As per usual, the classic American Horror Story mid-season slump is underway.
American Horror Story: Hotel
Season 5, Episode 5 - "Room Service"
Angela Bassett, Lady Gaga, Kathy Bates, Wes Bentley, Chloe Sevigny
Regular airtime: Wednesdays, 10pm
First of all, this is not a bad episode. Not in the slightest. It has childish revenge plots, with kitty food posing as pate; tender moments that show us the Countess (Lady Gaga) has something beating her blood around despite a dead heart; and murder fantasies vicariously enjoyed via the ultimate Coachella Couple getting disposed of down the laundry chute. But the madness of Detective Lowe (Wes Bentley) is getting tiresome. Waking up in bed next to junkie Sally (Sarah Paulson) and acting horrified and ordering her out? Like everyone hadn’t seen that coming? Come on, man. Have some bedside etiquette. He got fired from the case, his wife is divorcing him (and choosing to live forever in some undead Oedipal complex), and he’s still at the Hotel Cortez. You brought this on yourself, Detective and we need to see you get it together or just really go for broke and insane because this purgatory of guilt versus inaction is quickly turning your story, the seemingly main story arc, into an incredibly boring slog.
But branching off from that main story we have Dr. Alex Lowe (Chloe Sevigny) attempting to bridge the gap between her vampiric instincts and her Hippocratic Oath by replacing a dying kid’s serum with her own blood. He can’t control his boyish urges and of course, eats his parents before giving the power to his girlfriend and then the rest of his class. The school is bathed in (grown-up) blood, and in a funny twist of irony that actually isn’t funny at all, we see a pretty fantastic resolution to all those school shootings: save your kids, make them undead. If we remember, Ramona Royale (Angela Bassett) was given the boot for turning her love into a vampire. Which begs the question, did Alex find a loophole, or will she be punished? The Countess was pretty firm about her following the rules, hinting that even their sort can be destroyed with a warning slice of her talon across little Holden’s (Lennon Henry) neck.
In the constantly intertwining themes of life and death, this episode focuses on how death doesn’t have to be final. Death is a rebirth, for the children, for concierge Iris (Kathy Bates) who finally stands up for herself after a lifetime of being beaten down, and shows some guests exactly what rudeness will get them. It is a rebirth for Alex, as she finally has the life with her son she’s been pining for.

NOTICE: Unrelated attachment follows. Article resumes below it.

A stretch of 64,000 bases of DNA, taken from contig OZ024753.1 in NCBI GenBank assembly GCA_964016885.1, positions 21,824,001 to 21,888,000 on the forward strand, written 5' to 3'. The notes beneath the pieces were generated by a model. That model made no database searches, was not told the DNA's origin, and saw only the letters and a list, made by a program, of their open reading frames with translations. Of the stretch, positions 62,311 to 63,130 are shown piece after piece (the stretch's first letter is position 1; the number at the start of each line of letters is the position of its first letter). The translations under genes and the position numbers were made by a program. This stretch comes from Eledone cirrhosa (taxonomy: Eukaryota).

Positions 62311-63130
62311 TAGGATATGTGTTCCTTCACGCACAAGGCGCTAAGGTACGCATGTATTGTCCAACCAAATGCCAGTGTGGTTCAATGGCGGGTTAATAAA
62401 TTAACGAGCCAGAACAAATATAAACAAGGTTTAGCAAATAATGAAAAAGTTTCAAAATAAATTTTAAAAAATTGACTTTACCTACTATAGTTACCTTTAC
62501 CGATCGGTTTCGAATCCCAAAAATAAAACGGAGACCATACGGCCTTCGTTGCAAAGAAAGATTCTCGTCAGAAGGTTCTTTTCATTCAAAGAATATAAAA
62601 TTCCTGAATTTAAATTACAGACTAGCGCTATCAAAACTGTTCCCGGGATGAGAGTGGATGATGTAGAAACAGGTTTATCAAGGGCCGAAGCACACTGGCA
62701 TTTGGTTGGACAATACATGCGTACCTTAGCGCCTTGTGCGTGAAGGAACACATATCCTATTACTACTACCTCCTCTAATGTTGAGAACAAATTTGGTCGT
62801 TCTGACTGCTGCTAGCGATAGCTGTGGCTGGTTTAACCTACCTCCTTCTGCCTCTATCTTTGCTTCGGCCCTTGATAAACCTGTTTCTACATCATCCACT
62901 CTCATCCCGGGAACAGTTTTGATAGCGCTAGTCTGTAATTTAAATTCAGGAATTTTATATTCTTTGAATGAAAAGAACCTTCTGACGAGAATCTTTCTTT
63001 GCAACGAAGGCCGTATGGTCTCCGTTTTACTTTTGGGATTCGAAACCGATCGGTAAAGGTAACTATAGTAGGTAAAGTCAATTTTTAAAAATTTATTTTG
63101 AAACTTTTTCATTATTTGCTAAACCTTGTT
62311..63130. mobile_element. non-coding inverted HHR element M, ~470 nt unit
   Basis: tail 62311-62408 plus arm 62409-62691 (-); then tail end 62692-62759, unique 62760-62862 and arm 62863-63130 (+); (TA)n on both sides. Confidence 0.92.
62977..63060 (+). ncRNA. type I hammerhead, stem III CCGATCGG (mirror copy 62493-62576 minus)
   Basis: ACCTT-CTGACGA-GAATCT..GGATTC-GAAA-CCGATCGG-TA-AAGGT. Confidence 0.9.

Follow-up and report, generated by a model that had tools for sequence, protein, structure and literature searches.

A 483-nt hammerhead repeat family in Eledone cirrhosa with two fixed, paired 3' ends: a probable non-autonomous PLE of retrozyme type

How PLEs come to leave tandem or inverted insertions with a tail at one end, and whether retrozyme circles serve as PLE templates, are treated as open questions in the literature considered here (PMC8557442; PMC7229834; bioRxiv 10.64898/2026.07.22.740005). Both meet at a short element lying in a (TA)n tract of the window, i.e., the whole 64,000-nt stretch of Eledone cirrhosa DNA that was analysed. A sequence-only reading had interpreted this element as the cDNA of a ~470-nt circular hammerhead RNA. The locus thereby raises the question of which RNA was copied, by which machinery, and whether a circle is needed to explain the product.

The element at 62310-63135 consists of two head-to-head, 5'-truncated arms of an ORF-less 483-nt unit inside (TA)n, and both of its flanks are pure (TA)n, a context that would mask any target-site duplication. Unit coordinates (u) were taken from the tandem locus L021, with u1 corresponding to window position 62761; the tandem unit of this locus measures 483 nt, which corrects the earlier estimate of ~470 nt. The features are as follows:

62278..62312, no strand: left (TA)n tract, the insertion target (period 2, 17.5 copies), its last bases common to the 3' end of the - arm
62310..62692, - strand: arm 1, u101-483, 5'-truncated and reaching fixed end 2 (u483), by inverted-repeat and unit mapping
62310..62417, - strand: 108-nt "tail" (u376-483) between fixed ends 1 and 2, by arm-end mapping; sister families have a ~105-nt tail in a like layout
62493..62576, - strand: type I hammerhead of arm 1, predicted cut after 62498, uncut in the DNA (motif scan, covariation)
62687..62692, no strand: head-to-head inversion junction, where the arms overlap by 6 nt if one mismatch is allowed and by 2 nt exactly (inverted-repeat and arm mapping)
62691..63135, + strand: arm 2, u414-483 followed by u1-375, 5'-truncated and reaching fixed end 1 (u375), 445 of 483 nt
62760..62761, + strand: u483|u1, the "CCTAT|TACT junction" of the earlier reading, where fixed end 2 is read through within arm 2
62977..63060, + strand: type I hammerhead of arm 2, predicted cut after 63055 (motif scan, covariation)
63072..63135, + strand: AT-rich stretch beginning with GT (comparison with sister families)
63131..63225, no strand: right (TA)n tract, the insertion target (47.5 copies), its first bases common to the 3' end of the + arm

But death doesn’t have to be physical to be real. Liz Taylor (Denis O’Hare), the trusty and sassy barkeep, reveals how he came to reside in Heartbreak Hotel. His wife married him because she needed to get married, and that’s what you do at a certain age in Topeka, Kansas, and he married her because they wore the same size. On a business trip to Los Angeles in which he stayed at the Hotel Cortez, the Countess interrupted his private cross-dressing date with himself to tease out his inner goddess. After giving him a Betty Davis-eyed makeover and killing his jerk business associates who caught him in his (Venus in) furs, Liz stayed on and never looked back. Brought to life by the Countess’ gentle and confident encouragement, it is probably no coincidence he originally hailed from Kansas, home of the most famous accidental killer who can never really return home.
Despite the impending vampire child apocalypse, and epiphanies of various characters, episode five hits that familiar American Horror Story mid-season slump, where there is so much going on that none of the previously established plots can make any headway in the time allotted. The murder case is slowly losing interest despite the serial killer bonanza from the last episode, the Countess still hasn’t enacted her black widow plan to save the hotel, and who even remembers that sodomy rape demon of intrigue from the first episode anymore? To quote the hipster girl before she was stabbed to death, writers of American Horror Story: Hotel: are you Alzheimer’s? Yes, the main detective story is still what grounds the rest of the subplots, and it hasn’t petered out yet. However, there’s little satisfaction in watching the man fall deeper and deeper into his doom, unless he’ll somehow rise again? Could there be a blood-sucking phoenix in store for Detective Lowe, too? It would make sense.
Iris remarks that she never truly lived until she died. James Patrick March (Evan Peters) kills to feel alive. This constant cycle of extinguishing one light for another is what keeps the characters of American Horror Story: Hotel going, but it’s one not everyone is strong enough to sustain, especially not Lowe. A blackout is inevitable.